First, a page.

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White Sox 5, Rangers 2: The offensive lineup card that could

Pregame ejections, face-fulls of fence, and some good ol-fashioned brotherly love, as the Sox take the series over the Rangers

David Banks

In a most comical commencement of Sunday's rubber match, White Sox bench coach Mark Parent was ejected by crew chief Jerry Layne before the game even began.  It appeared that Parent had a few extra nuggets of wisdom to impart while handing over the lineup card.

After John Danks found his groove in a quick first inning, Alejandro De Aza started the Sox offense on the right foot, drawing a walk and then taking second on an overthrown pick-off attempt by Matt Garza.  Gordon Beckham moved him over to third on a grounder to the second baseman.  Alexei Ramirez just missed fair grounds on a sharp grounder up the right side, then struck out swinging a few pitches later.  Adam Dunn's turn to bring in De Aza ended on an unchecked swing.  Nothing to showfer, but the Sox managed to get twenty pitches out of Garza in the first.

Adrian Beltre started the second with a leadoff single.  Then Danks got Alex Rios looking on four pitches; followed by Jeff Baker, who swung through his fourth pitch.

The Rangers again led off the third inning with a single by Jurickson Profar.  After an Adam Rosales strikeout, Craig Gentry kept the line moving with a single just over the glove of a leaping Alexei.  Elvis Andrus moved Profar to third on a deep fly to center; but the Rangers runners remained on the corners when Ian Kinsler grounded out to Alexei to end the threat.

The Sox registered their first hit du jour in the bottom of the third, with a single to center off the bat of Dayan Viciedo.  Josh Phegley walked and De Aza moved the runners over on a well-executed bunt to the left side.  Beckham hit a fly ball to center on the first pitch he saw, which appeared to be enough to get Viciedo in from third.  Rangers center-fielder Gentry had the easy read on Becks' hit, but the ball knuckled at the last second and instead knocked off of Gentry's glove.  Both baserunners scored on the error and the Sox left the inning with a two-run lead on only one hit.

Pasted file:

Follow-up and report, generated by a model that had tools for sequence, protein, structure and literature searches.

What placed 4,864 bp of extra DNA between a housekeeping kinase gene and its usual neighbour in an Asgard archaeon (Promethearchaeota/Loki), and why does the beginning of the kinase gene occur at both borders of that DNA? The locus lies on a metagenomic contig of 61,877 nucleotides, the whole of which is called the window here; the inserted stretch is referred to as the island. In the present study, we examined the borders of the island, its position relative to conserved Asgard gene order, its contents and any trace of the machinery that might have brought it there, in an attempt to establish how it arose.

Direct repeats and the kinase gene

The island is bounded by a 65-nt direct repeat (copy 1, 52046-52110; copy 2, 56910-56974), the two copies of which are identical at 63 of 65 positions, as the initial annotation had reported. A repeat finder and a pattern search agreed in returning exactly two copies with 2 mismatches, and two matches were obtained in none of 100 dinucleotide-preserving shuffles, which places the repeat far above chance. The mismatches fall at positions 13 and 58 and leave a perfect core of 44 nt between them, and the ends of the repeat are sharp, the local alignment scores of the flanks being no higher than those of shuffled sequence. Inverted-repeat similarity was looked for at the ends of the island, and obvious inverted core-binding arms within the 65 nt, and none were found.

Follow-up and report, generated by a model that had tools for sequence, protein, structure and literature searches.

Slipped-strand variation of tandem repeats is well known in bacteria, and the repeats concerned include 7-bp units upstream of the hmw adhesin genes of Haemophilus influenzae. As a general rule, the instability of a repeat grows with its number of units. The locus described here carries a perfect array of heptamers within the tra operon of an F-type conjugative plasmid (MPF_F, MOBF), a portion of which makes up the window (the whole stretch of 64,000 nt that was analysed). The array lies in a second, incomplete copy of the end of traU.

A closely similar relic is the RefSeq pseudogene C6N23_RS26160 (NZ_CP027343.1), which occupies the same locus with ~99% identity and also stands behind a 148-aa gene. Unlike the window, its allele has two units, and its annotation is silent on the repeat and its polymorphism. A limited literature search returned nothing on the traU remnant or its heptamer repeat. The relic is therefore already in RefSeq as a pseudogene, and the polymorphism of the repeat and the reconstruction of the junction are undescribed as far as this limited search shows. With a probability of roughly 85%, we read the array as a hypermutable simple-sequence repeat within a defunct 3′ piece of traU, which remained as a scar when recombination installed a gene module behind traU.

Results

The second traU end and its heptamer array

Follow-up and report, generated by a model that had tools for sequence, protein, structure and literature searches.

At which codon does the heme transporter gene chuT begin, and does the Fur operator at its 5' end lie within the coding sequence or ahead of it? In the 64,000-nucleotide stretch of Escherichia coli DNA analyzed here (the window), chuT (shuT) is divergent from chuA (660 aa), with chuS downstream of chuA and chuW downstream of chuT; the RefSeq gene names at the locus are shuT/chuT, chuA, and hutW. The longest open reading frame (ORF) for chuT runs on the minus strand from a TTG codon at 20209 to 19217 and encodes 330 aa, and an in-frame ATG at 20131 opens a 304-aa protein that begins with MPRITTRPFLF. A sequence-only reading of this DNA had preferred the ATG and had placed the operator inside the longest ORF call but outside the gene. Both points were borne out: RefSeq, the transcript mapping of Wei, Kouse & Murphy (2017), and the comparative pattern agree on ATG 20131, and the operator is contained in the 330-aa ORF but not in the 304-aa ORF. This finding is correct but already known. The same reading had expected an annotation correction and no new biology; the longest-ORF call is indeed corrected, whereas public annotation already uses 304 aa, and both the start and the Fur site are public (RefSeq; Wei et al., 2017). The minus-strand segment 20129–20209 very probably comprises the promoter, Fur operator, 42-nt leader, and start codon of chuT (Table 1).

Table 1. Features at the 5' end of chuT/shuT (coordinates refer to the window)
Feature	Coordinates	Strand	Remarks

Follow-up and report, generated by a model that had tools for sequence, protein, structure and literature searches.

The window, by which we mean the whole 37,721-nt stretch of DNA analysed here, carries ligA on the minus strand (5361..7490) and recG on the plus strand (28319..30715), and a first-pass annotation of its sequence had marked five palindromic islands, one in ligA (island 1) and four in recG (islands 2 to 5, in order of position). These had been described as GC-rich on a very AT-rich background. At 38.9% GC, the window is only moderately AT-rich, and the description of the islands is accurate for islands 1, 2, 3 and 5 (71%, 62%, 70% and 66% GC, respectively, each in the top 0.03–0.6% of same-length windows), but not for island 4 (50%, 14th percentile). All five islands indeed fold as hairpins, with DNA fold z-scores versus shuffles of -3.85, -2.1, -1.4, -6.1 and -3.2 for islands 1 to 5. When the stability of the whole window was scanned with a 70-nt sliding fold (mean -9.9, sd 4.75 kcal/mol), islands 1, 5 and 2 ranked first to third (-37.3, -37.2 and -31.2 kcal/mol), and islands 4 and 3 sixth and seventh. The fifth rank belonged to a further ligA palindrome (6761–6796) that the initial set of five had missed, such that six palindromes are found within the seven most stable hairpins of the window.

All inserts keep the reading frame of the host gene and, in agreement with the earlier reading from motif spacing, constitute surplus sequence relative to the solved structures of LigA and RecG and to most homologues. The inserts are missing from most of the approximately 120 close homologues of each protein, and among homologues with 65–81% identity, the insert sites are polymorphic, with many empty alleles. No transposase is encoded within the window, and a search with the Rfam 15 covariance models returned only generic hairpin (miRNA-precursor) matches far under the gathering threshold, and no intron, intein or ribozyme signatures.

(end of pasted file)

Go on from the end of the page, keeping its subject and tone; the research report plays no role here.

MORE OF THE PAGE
In the top of the fourth, the Rangers matched the score almost immediately, needing only one hit of their own.  Danks walked Beltre to start and after Rios popped out on his second pitch, Baker worked back from an 0-2 count and homered to right field, just over the head of Avisail Garcia.

Garcia tracked the ball to the wall and full-force faceplanted into the fence on his jump to snag it.  After a few minutes trying to gather his marbles, Garcia was removed from the game and Jordan Danks took his place in right field - and batting sixth in the lineup.

JorDanks had his first chance at the plate in the bottom of the inning, and made the most of it.  After watching a 94-MPH first-pitch fastball from Garza, JorDanks put the second offering - a hanging curveball - over the right field fence, appropriately close to where Garcia collided a half-inning earlier.  JorDanks gave his brother and the Sox a 3-2 lead into the fifth inning, on only their second hit of the game.

The Rangers threatened again in the top of the 5th, with back-to-back singles that put Andrus on third and Kinsler on first with one out.  The threat was over in a lucky blink of an eye, when Beltre rocketed a line drive to Jeff Keppinger, who doubled up Andrus leading off at third base.

The bottom of the sixth began with an Alexei double to right field.  Dunn followed with a single to right that scored Alexei and put the Sox up 4-2.

Texas came close to scoring again in the top of the seventh, stringing together a couple singles off the bats of Gentry and Andrus.  Kinsler then hit a grounder to Alexei in what appeared to be a tailor-made double-play; but Alexei dropped it and runners were safe at all bases.  The defensive doom and gloom had barely sunk in before double-me-up-Beltre stabbed a grounder to Keppinger, who did make use of the double-play opportunity to end the inning.

Josh Phegley led off the bottom of the seventh with a solo shot to put the Sox ahead 5-2.  Nate Jones nearly made quick work of the Rangers in the top of the eighth; but with two outs logged, A.J. Pierzynski came to the plate to pinch-hit for a stadium full of loving fans.  He lined a double to right field to keep the opposing offense alive.  But Profar promptly struck out swinging to end the inning and the final semblance of a threat that the Rangers would muster.

Today's history-making moment:

With some help from his little brother, John Danks earned his fourth win of the season today.  This brotherly nudge is a rare major league occurrence, with the last occasion dating back to 1955.

*Sox are 8-2 in the last ten games and have won the past four series